Bacterial levels exceed National Park Service standards for beach recreational use. Because of the increased risk of contracting an illness, the National Park Service advises against swimming in the stream until further notice.

Where are the samples taken and where are the notices posted?
In popular swimming areas along Travertine Creek, Rock Creek, and Lake of the Arbuckles.

Why does Chickasaw National Recreation Area test for E. coli?
We sample and test water to determine the levels of bacteria that might indicate the presence of disease causing organisms. Has the park tested for E. coli before? How long has the park tested for E. coli? Since 2001, we sample and test water in popular swimming areas along Travertine and Rock Creeks to determine the levels of bacteria that might indicate the presence of disease causing organisms.

How often do the elevated levels of E. coli occur?
Elevated readings have been recorded during high use periods, after heavy rainfall events, and during periods of extended drought. Since 2001, we have been posting notices along the creek(s) when elevated readings occur.

How long is the monitoring period? Do you test year round?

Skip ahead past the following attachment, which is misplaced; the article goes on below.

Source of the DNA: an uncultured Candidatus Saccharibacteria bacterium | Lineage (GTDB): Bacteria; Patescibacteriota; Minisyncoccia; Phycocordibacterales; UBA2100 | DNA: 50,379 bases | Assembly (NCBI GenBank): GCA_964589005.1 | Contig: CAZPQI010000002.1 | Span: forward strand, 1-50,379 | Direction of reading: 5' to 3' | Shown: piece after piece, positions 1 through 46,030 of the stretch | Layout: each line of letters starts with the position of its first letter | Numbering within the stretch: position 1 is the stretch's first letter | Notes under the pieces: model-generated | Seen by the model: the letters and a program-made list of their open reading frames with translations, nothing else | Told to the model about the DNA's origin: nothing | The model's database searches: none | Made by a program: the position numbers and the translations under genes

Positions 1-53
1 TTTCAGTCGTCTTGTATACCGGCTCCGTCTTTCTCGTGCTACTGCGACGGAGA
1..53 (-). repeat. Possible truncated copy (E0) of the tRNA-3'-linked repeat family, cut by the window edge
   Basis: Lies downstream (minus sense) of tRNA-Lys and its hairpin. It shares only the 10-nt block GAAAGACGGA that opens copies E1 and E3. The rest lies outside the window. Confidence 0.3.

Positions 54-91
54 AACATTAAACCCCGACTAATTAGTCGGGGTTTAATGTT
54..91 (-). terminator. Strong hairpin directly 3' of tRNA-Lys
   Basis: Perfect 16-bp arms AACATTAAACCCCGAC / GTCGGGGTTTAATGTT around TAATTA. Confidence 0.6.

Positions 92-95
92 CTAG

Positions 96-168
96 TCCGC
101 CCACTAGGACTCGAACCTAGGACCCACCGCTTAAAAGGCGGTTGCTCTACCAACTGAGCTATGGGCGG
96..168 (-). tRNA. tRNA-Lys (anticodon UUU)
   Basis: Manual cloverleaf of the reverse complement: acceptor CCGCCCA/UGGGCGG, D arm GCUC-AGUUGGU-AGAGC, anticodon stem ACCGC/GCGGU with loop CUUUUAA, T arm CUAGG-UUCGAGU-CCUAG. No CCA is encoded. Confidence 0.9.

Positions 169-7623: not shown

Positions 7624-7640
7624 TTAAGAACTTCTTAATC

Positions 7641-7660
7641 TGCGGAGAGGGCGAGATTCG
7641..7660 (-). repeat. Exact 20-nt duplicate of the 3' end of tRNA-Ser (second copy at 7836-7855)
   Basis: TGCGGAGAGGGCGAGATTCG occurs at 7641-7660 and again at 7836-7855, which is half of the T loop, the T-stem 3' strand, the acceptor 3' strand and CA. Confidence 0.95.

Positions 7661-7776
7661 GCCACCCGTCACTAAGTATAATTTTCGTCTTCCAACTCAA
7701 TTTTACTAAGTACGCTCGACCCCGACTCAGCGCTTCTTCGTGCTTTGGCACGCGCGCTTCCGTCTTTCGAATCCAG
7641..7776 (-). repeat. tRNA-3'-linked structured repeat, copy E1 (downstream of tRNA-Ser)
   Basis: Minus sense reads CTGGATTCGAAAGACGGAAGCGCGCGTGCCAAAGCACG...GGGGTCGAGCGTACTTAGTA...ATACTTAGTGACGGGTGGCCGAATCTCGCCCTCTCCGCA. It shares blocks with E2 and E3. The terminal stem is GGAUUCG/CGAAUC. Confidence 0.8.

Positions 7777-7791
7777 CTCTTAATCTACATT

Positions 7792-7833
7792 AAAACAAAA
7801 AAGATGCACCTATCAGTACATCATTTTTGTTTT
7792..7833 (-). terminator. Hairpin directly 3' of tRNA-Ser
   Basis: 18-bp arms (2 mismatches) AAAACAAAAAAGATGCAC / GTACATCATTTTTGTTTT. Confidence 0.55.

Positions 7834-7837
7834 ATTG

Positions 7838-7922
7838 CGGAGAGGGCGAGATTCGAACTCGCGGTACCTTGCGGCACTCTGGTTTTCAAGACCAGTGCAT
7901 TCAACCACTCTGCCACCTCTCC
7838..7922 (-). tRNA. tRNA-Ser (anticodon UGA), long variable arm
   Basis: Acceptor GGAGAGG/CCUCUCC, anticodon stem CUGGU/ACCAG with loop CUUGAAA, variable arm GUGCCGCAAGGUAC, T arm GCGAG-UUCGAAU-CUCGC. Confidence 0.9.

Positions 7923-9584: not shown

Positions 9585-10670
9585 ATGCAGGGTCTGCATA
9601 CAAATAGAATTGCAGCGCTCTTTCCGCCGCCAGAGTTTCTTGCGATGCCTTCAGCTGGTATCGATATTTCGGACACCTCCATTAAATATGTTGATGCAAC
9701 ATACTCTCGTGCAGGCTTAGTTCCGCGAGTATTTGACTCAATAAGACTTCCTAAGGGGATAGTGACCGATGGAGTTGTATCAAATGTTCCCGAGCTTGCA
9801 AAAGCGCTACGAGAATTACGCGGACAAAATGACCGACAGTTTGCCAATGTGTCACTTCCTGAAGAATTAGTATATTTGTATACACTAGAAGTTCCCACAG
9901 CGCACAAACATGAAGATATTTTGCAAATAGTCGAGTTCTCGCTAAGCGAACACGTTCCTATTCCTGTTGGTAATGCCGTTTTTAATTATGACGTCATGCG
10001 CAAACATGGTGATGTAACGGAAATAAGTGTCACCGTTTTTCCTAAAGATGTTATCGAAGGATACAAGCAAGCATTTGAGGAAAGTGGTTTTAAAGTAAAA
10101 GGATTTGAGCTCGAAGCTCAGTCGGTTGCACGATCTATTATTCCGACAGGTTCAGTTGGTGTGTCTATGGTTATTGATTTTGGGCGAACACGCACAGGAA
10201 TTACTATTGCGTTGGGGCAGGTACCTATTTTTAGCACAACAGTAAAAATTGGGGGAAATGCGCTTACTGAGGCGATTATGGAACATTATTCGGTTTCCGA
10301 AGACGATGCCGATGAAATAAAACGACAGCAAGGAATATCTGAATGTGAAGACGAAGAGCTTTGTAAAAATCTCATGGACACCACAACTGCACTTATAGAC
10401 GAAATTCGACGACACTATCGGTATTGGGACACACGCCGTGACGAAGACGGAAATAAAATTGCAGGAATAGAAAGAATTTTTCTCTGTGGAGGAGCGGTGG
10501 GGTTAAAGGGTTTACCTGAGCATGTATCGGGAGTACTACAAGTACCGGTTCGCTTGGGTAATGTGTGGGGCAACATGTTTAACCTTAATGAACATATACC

The water quality monitoring program continues weekly during the summer swimming months, and monthly during the rest of the year. A standard operating procedure for beach posting is in place.

What are the sources of E. coli?
Microorganisms, including E. coli bacteria, are found in every part of our environment.

E. coli bacteria naturally occur in the gastrointestinal tract of humans and many other warm blooded animals. These bacteria aid in the digestion process and usually cause no harm. However, their presence in a water system is an indicator that other potential disease-causing pathogens may be present. Certain diseased animals may pass along these pathogens in their fecal waste products.

A few of the sources of E. coli contamination include: Domestic animal and wildlife waste, sewer overflows, seepage from septic systems, and runoff from surrounding streets and agricultural facilities. In addition, other human influences such as infants entering the water in diapers, or the over crowding of a given swimming area can lead to elevated bacterial levels.

Possible illnesses
Recreational activities in bacterially contaminated waters can result in severe infections of the eyes, ears, nose, and throat. Typhoid fever, viral and bacterial gastroenteritis, and Hepatitis "A", are potentially contracted from contaminated water.

Children, pregnant women, and elderly persons are the most susceptible. Contact your primary health care provider.

For more information
Contact the Travertine Nature Center 580 622-7234.

An informational letter is available upon request. Please send name and mailing address to Chickasaw National Recreation Area, 1008 West Second Street, Sulphur, OK 73086.

Did You Know?

The Travertine Nature Center

The Travertine Nature Center at Chickasaw National Recreation Area is built in a unique rock work design and sits on top of Travertine Creek offering visitors a relaxing view of the mix of water, stream, and forest. More...